The rainfall erosivity (R) factor represents the effect of kinetic raindrops on soil loss [12]. R-value is highly influenced by the body distribution, intensity, speed, amount, time and pattern of rainfall whether for one or more of storms and by the mass of the resulting runoff [13,14]. R factor index within the RUSLE model should be calculated by multiplying the amount raindrops energy (E) and the maximum 30 min. rainfall intensity (I30) [15] in case of finding data. At the current paper, monthly rainfall data of 47 years (1970–2017) were obtained to map the R-factor by the following Equation 2 developed by Wischmeier and Smith [12]:

image (2)

Where R is a rainfall erositivity factor (MJ mm ha-1 h-1 per year); Pi is monthly rainfall (mm); P is an annual rainfall (mm). There are five climatic stations established in and around the Al-Sen basin as shown in Figure 1 and Table 1. However, the annual rainfall and R factor values were mapped with the Inverse Distance Weighted Average (IDW) interpolation method in the GIS as shown in Figures 2 and 3, respectively. In the study area, the spatial R-values were ranging between 4.3 and 42.3 MJ mm ha-1 year-1 .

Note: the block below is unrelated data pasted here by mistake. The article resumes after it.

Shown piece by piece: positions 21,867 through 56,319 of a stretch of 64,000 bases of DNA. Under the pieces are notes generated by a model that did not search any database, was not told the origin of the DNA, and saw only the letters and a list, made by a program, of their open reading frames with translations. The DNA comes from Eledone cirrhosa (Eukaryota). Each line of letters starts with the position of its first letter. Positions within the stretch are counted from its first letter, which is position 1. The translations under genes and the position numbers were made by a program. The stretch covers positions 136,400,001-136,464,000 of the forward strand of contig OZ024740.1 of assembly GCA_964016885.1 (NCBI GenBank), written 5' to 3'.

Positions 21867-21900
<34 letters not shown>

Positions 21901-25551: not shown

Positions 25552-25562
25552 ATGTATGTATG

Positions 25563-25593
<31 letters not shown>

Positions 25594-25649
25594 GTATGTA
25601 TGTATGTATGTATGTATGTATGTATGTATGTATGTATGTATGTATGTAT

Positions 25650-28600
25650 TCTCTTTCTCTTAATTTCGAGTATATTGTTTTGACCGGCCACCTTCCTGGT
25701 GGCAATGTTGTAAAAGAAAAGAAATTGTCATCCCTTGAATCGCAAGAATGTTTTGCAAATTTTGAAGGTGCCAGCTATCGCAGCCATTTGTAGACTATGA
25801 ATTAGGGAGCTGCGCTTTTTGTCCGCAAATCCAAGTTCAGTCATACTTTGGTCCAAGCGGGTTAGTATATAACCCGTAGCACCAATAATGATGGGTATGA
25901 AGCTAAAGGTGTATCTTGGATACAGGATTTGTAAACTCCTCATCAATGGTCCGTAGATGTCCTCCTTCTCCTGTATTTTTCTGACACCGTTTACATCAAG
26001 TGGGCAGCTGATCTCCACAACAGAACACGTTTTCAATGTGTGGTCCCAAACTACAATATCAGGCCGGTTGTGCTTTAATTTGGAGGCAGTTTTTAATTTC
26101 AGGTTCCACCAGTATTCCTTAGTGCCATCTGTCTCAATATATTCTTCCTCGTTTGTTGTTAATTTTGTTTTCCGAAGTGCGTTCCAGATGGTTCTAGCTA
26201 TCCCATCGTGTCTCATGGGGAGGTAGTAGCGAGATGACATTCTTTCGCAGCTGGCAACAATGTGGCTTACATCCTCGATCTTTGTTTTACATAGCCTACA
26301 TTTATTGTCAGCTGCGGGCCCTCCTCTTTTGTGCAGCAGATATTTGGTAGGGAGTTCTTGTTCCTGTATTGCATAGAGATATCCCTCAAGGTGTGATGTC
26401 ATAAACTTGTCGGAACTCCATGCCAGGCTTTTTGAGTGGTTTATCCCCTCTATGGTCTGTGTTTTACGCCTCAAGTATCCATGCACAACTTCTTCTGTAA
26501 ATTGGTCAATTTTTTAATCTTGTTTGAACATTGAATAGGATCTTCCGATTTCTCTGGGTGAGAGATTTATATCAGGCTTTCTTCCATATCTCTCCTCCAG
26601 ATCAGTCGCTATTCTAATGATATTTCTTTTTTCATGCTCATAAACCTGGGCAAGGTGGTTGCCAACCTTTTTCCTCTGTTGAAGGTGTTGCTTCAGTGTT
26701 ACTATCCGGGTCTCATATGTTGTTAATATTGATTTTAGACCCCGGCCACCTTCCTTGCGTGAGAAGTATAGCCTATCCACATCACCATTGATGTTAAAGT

Climatic station Total annual rain fall (m) R factor (MJ mm ha-1 h-1 year-1)
Banias 809 4.4
Doir-Babdah 977 14.5
Ain-Alsharqia 1007 24.7
Shendakha 1162 31.9
Mnizla 1241 42.1

Table 1: Climatic stations used in the study with R factor values for each station


Figure 3) Spatial distribution of R factor values

K factor

K factor is an important field parameter in assessing the risk of soil erosion. K factor examines the susceptibility of a soil to loss based on the physical and chemical characteristics of collected and soil samples as measured under the standard unit plot condition. The standard condition is the unit plot, 22.6 m long with a 9% gradient, maintained in continuous fallow, tilled up and down the hill slope [16,17]. The results of analyzed soil samples in Beit-kammouneh Center for Agricultural Center in Tartous Governorate utilized for mapping K factor by utilized the following equation conducted by Wischmeier et al. [18]: